You have a duty to pay taxes, but you don’t have a duty to pay more than you owe. And you only owe the amount that shows up on line 76 of your 1040—after you take all the deductions (and credits) you’re allowed by law.
What follows is a list of deductions you can’t afford to overlook.
But know this: All of them are subject to certain rules and limits not discussed here and many of them are worth nothing to you if your total itemized deductions don’t exceed $11,900 (for those married and filing jointly); $5,950 (for those filing separately); or $8,700 (for those filing as head of household).
Casualty and Theft Losses
Yes, it hurts when you lose a favorite necklace, or when a burglar palms your coin collection. It hurts even more if you lose everything in a Sandy-like natural disaster.
You can take some of the sting out of those losses by deducting them. You’ll need to document your losses, and some of the rules are tricky, but where there’s a loss, there’s generally a way to deduct it.
Federal Estate Tax on Income in Respect of a Decedent
You know that income from the IRA or pension you inherited from your dad (or mom or grandmother)? That’s income in respect of a decedent.
And because his estate may have paid estate tax on it, you may be able to deduct that tax on your income tax return. Go figure.
Family Planning and Fertility Treatments
Did you take a pregnancy test at home? Deduct the cost of the kit. Did you purchase birth control pills prescribed by your doctor? Deduct that, too.
What about purchasing a breast pump, or paying for fertility treatments or a vasectomy? You guessed it — that’s all deductible, too.
IRA Administrative Fees
If you pay your IRA fees out of your IRA account, you lose two ways: The account has less money to grow tax-deferred, and the fee isn’t deductible.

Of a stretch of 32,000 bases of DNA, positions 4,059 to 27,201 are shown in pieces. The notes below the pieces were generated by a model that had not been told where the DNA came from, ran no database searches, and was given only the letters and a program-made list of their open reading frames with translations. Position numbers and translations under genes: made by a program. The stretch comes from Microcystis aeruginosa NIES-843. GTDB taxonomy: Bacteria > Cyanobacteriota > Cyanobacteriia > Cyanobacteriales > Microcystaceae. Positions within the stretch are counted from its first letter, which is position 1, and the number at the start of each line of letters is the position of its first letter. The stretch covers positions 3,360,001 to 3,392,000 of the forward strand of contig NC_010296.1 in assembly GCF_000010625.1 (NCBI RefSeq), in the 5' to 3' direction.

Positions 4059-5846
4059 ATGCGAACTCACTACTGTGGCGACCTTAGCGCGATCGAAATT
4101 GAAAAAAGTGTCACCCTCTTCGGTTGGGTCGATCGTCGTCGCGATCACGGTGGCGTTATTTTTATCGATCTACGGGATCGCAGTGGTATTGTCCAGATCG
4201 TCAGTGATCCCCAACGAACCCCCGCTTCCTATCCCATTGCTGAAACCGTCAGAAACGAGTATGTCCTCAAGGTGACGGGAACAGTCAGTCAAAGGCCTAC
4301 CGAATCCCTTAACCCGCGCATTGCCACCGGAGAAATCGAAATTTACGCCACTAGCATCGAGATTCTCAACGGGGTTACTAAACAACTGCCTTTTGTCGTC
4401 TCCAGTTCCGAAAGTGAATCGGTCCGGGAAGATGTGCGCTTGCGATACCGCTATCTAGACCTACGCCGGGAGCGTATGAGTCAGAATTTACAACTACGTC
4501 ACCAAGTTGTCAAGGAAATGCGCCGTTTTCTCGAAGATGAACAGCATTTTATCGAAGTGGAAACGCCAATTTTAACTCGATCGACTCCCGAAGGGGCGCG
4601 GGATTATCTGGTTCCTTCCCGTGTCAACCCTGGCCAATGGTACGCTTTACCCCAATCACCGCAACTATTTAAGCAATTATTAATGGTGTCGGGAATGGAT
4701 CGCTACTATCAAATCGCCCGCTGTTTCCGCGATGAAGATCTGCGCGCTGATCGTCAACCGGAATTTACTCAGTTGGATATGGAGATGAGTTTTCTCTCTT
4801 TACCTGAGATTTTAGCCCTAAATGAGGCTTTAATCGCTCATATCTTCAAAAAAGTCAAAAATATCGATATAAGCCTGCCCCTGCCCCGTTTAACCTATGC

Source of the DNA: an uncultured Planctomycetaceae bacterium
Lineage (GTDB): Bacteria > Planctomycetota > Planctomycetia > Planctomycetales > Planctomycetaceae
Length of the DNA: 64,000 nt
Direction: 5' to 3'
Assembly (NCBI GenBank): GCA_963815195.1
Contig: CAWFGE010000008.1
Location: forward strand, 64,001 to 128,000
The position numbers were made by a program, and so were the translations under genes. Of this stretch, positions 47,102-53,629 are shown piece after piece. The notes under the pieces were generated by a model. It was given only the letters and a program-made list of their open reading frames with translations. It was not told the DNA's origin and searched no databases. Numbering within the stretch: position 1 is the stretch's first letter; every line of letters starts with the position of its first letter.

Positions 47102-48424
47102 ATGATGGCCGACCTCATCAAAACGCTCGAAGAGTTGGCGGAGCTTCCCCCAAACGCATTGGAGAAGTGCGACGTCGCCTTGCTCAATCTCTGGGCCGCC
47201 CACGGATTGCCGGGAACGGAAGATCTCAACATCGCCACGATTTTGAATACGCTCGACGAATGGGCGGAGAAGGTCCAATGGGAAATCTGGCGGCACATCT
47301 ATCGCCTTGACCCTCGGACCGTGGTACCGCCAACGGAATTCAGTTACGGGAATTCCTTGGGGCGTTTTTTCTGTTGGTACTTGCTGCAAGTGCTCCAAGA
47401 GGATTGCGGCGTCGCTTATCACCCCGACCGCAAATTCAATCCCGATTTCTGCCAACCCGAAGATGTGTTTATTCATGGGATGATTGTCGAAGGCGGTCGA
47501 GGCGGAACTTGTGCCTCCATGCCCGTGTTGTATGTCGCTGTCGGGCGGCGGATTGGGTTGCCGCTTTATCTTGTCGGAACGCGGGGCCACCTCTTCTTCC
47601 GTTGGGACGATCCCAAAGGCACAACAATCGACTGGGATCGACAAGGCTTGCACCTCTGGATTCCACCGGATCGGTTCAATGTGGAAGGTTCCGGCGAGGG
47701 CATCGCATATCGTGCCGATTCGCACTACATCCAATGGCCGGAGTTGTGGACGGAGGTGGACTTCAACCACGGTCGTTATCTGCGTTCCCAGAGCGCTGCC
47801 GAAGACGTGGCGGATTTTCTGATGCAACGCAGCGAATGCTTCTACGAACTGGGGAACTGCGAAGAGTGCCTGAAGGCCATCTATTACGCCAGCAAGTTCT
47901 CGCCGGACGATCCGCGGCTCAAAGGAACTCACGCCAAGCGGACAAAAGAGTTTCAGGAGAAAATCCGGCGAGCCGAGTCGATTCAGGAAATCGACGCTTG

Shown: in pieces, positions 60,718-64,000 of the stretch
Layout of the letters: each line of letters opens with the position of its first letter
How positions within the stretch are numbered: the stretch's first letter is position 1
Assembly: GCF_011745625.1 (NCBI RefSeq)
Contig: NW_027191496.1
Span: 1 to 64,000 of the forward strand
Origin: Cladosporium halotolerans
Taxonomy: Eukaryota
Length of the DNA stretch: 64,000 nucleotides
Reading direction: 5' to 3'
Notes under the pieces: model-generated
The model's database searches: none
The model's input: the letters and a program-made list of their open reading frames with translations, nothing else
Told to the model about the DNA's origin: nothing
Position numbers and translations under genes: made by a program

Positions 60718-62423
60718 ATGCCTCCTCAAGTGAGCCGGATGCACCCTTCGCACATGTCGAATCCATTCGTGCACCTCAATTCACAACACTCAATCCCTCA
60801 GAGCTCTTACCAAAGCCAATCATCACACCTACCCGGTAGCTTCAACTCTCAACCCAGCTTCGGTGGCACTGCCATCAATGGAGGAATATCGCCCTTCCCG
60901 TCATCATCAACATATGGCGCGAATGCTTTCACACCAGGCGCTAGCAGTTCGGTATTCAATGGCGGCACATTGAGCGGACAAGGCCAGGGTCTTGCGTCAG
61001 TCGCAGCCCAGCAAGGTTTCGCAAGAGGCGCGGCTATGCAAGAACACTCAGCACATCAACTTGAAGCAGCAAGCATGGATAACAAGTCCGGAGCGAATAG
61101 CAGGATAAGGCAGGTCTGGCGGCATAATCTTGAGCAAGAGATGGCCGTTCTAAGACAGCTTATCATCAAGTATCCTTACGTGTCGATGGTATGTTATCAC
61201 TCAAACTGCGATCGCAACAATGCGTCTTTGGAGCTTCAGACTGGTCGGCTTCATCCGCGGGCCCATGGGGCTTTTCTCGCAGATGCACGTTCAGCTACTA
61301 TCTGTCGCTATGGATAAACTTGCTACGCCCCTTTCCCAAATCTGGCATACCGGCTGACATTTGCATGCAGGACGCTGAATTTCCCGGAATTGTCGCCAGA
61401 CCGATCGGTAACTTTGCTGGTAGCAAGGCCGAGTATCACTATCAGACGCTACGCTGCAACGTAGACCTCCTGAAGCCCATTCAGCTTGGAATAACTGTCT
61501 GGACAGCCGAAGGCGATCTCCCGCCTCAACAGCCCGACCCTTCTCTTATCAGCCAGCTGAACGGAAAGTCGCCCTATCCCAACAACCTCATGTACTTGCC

Pay the fee out of pocket and you’ve solved both of those problems.
Student Loan Interest Paid by Your Parents
So here’s the deal: When your parents pay your student loans, the IRS treats the interest they pay as a gift to you.
Thus, since it’s therefore really your money that paid the interest, you get to deduct it—if your parents don’t claim you as a dependent on their income tax return.
It gets better: You don’t even have to itemize to take this deduction!
Interest, Fees, and Expenses You Incur When You Invest
It takes money to make money. Often, much of the former is deductible.
For example, investment and custodial fees are generally deductible, as is the interest you pay on the money you borrow to make those investments.
State Sales Tax or State Income Tax
When Congress stopped just short of the Fiscal Cliff on January 1, 2013, it reinstated your right to deduct sales tax you paid in 2012. If your state has both a state income and a state sales tax, you get to choose which tax to deduct.
Didn’t keep all your receipts? No problem. You can use the IRS’s handy sales tax deduction calculator.
Out-of-Pocket Charitable Deductions
Bill Clinton famously deducted his underwear. You may want to follow your former leader (but not too closely—the IRS is watching after all).
Add up the cost of the ingredients for that pie you baked for the charity auction, the miles you drove to do charity work, and similar unreimbursed expenses related to your work for your church or other qualified charity, and you may qualify for a sizeable deduction.
Points Paid on the Purchase of Your Home
This one is tricky, with all sorts of rules, but the essence is this: Sellers who pay points can’t deduct them, but the points do reduce the amount the seller realizes on the sale.
Buyers can deduct points—even seller-paid points—maybe in the year paid, possibly pro-rated over the life of the loan. The dickens is in the many details.
Sin Tax Deductions
If the stress from preparing your taxes has driven you to drink or smoke, or if you’re off to Vegas to see if you can win enough to pay your taxes, know this: You can deduct the cost of drug or alcohol treatment and the cost of programs that help you stop smoking.
You can even deduct your gambling losses—to the extent of your winnings.
Gregory Taggart is a former bank attorney who now works as a financial writer. He has written for various Bloomberg publications, Institutional Investor, Bankrate.com, among many other publications.